One couple were related as second cousins (F = 0.0156). The remainder were related as first cousins (F = 0.0625). Mean ages were 27 years (range 20–39 years) for women and 34 years (range 25–46 years) for men. The couples had had a median of two previous children (three couples had no children; no family had more than three). Seven couples already had a child with a significant health problem with no known cause (and that could have been due to a recessive disorder). Three couples had a family history of such a disorder. The remainder had neither affected children nor a relevant family history. At the time of recruitment, two of the couples were known to be carriers of AR disorders: β-thalassaemia and Raine syndrome, respectively.
Molecular genetic findings
After filtering, a median of 7 variants (range 1–14) remained for further assessment. Of these, three couples had a single loss-of-function variant (present in both partners), with the remainder being missense variants. No carriers of XL disorders were identified, and no couples were found to be heterozygous for different pathogenic variants in the same gene. In four couples, both partners were found to carry the same pathogenic variant, and were thus identified as being at risk of having a child affected by an AR disorder (Table 1).
The disorders for which the couples were found to be at risk are illustrative of the variety of AR conditions encountered, and the limited value of panels restricted to relatively common conditions.
Variants in C5orf42 have been reported in association with Joubert syndrome11 and orofaciodigital syndrome,12—AR neurodevelopmental syndromes with overlapping features. Loss of function is an established mutational mechanism.11,12,13 Although the variant identified, NM_023073.3(C5orf42):c.3792del (p.Val1265Phefs*6) has not been reported previously, it is predicted to result in a frameshift in exon 21 of 53, with the introduction of a premature stop codon after 6 amino acids. The resulting transcript is thus likely to be targeted for nonsense-mediated decay. More distally located nonsense and frameshift variants have been reported in affected individuals.11 There are no known transcripts that do not include exon 21.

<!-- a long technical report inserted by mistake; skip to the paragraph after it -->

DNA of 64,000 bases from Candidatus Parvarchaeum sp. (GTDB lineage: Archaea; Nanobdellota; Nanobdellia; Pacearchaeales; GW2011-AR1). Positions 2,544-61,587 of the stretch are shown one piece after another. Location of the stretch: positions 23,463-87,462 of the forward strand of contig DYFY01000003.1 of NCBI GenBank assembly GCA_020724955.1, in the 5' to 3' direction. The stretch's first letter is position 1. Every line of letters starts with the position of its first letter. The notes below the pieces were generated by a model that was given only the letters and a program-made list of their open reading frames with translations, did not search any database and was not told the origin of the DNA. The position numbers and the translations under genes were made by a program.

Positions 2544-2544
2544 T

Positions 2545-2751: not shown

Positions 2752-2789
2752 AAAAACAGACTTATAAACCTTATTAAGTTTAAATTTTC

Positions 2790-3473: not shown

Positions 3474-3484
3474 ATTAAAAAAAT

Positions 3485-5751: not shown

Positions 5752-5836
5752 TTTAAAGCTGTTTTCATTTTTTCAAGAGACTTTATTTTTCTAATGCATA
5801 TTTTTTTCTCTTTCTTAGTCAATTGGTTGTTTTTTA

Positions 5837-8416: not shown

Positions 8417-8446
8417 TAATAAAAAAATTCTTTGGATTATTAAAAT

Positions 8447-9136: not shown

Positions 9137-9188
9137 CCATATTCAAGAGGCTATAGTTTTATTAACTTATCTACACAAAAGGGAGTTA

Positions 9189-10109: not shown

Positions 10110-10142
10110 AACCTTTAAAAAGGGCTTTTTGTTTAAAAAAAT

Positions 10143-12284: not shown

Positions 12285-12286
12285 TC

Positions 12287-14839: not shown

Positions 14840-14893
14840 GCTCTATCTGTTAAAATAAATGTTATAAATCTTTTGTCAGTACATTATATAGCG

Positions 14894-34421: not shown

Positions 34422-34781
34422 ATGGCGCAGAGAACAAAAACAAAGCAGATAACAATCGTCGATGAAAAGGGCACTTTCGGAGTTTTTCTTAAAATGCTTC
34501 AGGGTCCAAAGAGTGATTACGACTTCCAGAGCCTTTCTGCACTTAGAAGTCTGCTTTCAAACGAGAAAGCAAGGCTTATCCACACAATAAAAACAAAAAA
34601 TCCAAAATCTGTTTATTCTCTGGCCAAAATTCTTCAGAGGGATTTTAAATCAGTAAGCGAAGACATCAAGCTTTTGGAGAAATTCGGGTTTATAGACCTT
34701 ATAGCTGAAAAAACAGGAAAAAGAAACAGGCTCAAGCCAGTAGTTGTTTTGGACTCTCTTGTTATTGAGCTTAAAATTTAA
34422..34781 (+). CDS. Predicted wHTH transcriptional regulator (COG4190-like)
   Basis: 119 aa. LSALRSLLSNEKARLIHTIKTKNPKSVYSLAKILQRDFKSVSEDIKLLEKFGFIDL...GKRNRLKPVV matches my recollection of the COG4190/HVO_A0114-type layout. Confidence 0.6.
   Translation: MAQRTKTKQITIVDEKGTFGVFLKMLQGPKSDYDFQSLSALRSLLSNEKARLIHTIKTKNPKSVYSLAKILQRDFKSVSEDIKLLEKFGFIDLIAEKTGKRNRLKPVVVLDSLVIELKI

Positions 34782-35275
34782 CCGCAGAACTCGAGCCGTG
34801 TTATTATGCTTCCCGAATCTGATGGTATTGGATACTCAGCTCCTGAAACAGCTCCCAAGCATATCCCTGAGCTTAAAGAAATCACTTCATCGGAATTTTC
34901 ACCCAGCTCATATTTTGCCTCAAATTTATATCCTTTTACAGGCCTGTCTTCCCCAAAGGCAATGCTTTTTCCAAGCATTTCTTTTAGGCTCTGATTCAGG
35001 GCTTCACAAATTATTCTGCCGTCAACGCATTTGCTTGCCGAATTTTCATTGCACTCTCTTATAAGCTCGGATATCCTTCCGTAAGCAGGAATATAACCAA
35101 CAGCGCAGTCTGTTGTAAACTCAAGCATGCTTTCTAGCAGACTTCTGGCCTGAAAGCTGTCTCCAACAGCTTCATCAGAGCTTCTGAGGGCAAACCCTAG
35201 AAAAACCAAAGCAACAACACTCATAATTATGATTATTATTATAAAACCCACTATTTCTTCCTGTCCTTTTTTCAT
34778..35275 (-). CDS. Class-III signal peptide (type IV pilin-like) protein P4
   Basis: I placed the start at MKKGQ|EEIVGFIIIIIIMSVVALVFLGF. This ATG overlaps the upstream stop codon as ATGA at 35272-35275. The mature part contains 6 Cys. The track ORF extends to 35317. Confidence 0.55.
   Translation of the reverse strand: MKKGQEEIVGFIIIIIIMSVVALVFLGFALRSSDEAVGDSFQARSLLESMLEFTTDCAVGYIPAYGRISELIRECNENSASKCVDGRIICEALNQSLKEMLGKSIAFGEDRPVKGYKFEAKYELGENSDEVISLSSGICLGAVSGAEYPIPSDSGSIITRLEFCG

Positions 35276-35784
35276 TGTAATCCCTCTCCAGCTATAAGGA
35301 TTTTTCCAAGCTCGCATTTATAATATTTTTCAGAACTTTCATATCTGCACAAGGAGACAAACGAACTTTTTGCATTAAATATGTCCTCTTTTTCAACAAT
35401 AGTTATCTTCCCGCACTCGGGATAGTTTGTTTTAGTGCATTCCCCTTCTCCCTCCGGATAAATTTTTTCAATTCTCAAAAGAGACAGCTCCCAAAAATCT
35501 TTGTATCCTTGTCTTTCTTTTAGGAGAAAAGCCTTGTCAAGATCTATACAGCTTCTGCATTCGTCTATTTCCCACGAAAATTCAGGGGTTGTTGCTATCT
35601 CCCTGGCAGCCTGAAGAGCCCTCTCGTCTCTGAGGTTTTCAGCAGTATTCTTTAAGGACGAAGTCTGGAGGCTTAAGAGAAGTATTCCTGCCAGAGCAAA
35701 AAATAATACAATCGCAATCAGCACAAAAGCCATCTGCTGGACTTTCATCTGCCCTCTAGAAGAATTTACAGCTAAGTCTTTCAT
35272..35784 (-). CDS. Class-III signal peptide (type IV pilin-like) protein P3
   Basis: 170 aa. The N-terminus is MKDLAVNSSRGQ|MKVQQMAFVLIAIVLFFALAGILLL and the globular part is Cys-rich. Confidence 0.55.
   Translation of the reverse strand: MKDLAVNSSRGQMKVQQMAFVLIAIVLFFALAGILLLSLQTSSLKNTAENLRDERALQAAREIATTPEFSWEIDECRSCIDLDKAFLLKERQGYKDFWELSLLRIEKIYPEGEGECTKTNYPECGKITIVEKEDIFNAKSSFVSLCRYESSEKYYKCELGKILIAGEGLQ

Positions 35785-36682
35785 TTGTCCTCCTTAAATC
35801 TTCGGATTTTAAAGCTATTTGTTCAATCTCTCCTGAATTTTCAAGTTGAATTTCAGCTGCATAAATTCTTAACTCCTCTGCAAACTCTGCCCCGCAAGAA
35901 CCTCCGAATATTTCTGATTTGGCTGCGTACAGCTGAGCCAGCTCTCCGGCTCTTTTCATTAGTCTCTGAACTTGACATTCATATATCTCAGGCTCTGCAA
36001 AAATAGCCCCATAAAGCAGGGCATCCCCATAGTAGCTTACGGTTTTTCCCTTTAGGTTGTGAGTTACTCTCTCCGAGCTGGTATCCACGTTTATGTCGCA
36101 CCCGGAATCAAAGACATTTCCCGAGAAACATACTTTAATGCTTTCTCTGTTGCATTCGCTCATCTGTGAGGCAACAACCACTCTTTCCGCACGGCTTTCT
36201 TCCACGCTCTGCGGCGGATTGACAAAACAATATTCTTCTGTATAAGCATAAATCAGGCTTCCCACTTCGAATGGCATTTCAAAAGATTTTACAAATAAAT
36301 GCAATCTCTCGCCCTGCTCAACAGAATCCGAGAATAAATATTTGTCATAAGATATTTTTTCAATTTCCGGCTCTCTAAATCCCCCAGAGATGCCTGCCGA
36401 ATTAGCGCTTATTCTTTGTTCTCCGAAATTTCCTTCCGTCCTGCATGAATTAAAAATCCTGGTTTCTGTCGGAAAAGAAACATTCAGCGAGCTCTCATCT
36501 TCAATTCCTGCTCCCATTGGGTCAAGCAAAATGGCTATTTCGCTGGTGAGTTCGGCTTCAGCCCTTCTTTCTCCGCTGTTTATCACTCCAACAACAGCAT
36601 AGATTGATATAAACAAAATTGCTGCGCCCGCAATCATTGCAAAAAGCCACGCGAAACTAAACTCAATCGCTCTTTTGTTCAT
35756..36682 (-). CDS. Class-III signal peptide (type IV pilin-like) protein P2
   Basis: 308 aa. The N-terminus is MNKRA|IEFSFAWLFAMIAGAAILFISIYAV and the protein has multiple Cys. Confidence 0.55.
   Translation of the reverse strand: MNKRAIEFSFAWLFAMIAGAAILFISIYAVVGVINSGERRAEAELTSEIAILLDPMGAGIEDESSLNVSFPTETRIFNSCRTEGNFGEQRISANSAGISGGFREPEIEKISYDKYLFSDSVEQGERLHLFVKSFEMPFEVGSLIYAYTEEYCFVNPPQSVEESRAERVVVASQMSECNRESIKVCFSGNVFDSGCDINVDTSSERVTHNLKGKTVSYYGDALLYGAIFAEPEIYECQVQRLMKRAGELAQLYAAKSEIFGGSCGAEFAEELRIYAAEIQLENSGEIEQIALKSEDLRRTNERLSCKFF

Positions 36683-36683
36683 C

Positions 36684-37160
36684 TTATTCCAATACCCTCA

The GYS2 gene encodes glycogen synthase—an essential enzyme for glycogen synthesis. Glycogen synthase deficiency is characterized by fasting intolerance with morning hypoglycaemia14 and, if untreated, there can be long-term neurological sequelae.15 Diagnosis can be difficult, but once diagnosed, treatment is relatively simple. The variant NM_021957.3(GYS2):c.736 C > T (p.Arg246Ter) creates a premature stop codon in exon 5 of 16, with the resulting transcript likely to be targeted for nonsense-mediated decay. The variant has been reported previously in the homozygous state in an affected individual15 (OMIM reference 1385710001; ClinVar RCV000017427.28).
Variants in HBB result in a range of haemoglobinopathies, including β-thalassaemia and sickle cell anaemia. NM_000518.4(HBB):c.92 G > A (p.Arg31Lys) is a previously reported variant16 and had already been identified in the couple as the result of routine screening.
Variants in LAMA1 have been associated with Poretti–Boltzhauser syndrome, which is characterized by variable intellectual disability, cerebellar abnormalities and retinal dystrophy.17,18 Variants reported to date have been predicted to result in loss of function. Couple C002 have a son who has intellectual disability, cerebellar hypoplasia and a retinal disorder, which had been described as ocular albinism. Shortly after the couple were enrolled in this study, a clinical geneticist ordered clinical exome sequencing on the affected child, which revealed homozygosity for the NM_005559.3(LAMA1):c.3597del (p.Asp1200Thrfs*38) variant. On review with this information, a clinical diagnosis of Poretti–Boltzhauser syndrome was confirmed. This couple had previously had a pregnancy affected by Raine syndrome, making them the only couple in the cohort known to be at risk for two separate conditions. This was also the only instance in which carrier status was identified that proved relevant to a hitherto undiagnosed condition in the family.